ProBiotic Yogurt Benefits Diabetes

Amy Tenderich Health Guide
  • Reprinted with permission from Amy Tenderich of

    From the Who-Knew? File:

    Here I've been scoffing at these yogurt companies for pitching me on reviewing their products that are supposedly oh-so-good for people with diabetes (sneer). But now I discover that there really is such thing as a "super-yogurt culture" used to treat everything from diabetes to diarrhea -- that's starting to show up in lots of products on ordinary supermarket shelves.

    Yes, these "probiotic products" (mostly dairy foods and dietary supplements) contain a "good bacteria" that doctors have apparently been long recommending to counter the effects of antibiotics, which kill your good bacteria along with the bad.
    Add This Infographic to Your Website or Blog With This Code:

    I know that my doctor, for one, has long been harping on the fact that everyone can benefit from consuming live yogurt cultures, which supplement the microbes found in your gastrointestinal system (i.e. give you healthy intestines).

    What I didn't know was that clinical studies have actually confirmed that probiotics can also help reduce the incidence of certain cancers and heart disease, and help prevent vaginal diseases and preterm labor.

    Check this out: " Probiotics was first conceptualized by the Russian Nobel Prize winner and father of modern immunology, Elie Metchnikoff, at the beginning of the 20th century. He believed that the fermenting bacteria in milk products consumed by Bulgarian peasants were responsible for their longevity and good health."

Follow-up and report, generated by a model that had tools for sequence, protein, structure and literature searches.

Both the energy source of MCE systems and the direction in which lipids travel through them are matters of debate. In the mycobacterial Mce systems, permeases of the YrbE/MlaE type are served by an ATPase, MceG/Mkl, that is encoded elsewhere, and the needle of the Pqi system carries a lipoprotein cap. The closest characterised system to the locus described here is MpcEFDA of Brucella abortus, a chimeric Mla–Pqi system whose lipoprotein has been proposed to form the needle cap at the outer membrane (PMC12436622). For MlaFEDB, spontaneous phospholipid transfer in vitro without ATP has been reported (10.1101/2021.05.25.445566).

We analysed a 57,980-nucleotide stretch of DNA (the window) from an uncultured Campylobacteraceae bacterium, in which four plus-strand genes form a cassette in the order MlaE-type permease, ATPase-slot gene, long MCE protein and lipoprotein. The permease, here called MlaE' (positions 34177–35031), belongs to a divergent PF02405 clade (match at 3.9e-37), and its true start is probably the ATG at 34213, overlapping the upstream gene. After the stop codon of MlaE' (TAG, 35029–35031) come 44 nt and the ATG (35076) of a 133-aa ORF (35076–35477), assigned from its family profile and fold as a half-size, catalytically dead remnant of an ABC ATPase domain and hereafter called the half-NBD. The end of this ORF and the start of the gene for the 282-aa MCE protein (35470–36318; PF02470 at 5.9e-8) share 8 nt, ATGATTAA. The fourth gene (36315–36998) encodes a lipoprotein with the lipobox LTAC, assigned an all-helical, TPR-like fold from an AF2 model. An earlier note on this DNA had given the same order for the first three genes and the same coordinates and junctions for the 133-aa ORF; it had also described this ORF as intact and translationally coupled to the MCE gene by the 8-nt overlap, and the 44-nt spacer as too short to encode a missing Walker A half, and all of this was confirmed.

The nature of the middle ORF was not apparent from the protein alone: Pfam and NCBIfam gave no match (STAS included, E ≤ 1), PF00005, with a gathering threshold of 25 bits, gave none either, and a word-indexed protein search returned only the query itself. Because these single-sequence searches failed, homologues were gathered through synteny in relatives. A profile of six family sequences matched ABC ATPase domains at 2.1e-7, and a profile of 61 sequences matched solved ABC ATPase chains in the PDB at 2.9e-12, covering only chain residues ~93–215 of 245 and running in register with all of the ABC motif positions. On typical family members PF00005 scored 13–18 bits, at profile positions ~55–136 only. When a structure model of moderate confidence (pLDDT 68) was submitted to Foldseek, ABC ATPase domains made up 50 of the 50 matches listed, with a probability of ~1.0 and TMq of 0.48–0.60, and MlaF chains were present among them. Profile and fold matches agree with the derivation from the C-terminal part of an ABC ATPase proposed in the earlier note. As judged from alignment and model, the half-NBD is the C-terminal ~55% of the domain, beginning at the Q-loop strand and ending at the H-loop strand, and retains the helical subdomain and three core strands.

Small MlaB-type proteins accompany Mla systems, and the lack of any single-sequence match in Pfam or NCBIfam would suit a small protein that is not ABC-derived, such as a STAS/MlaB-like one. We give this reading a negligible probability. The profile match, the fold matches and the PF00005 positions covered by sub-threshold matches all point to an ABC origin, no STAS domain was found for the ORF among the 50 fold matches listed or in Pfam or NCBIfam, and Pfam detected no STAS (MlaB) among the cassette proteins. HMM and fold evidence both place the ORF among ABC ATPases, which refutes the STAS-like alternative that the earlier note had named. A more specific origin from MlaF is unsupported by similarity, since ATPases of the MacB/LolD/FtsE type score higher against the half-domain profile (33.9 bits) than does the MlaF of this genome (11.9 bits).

I love how the article notes that the History of Medicine has come full circle: We started around 2000 BC with "here, eat this root." And moved on to "drink this snake oil," "swallow this pill," and finally, "take this penicillin/tetracycline." Now we're essentially back to "eat this root." Or natural live microorganisms, in this case. He, he!

    A few years ago, experts were predicting that we'd soon see probiotics "included in everything from cheese to ice cream and even some preserved meats, like salami" (The Scientist, 7/02). I don't know about that, but I am giving DanActive another look. Usually, I just eat whatever lowfat yogurt tastes good and appeals to me. Silly.

    I really should pay more attention to diet. Don't you think?
Published On: May 01, 2006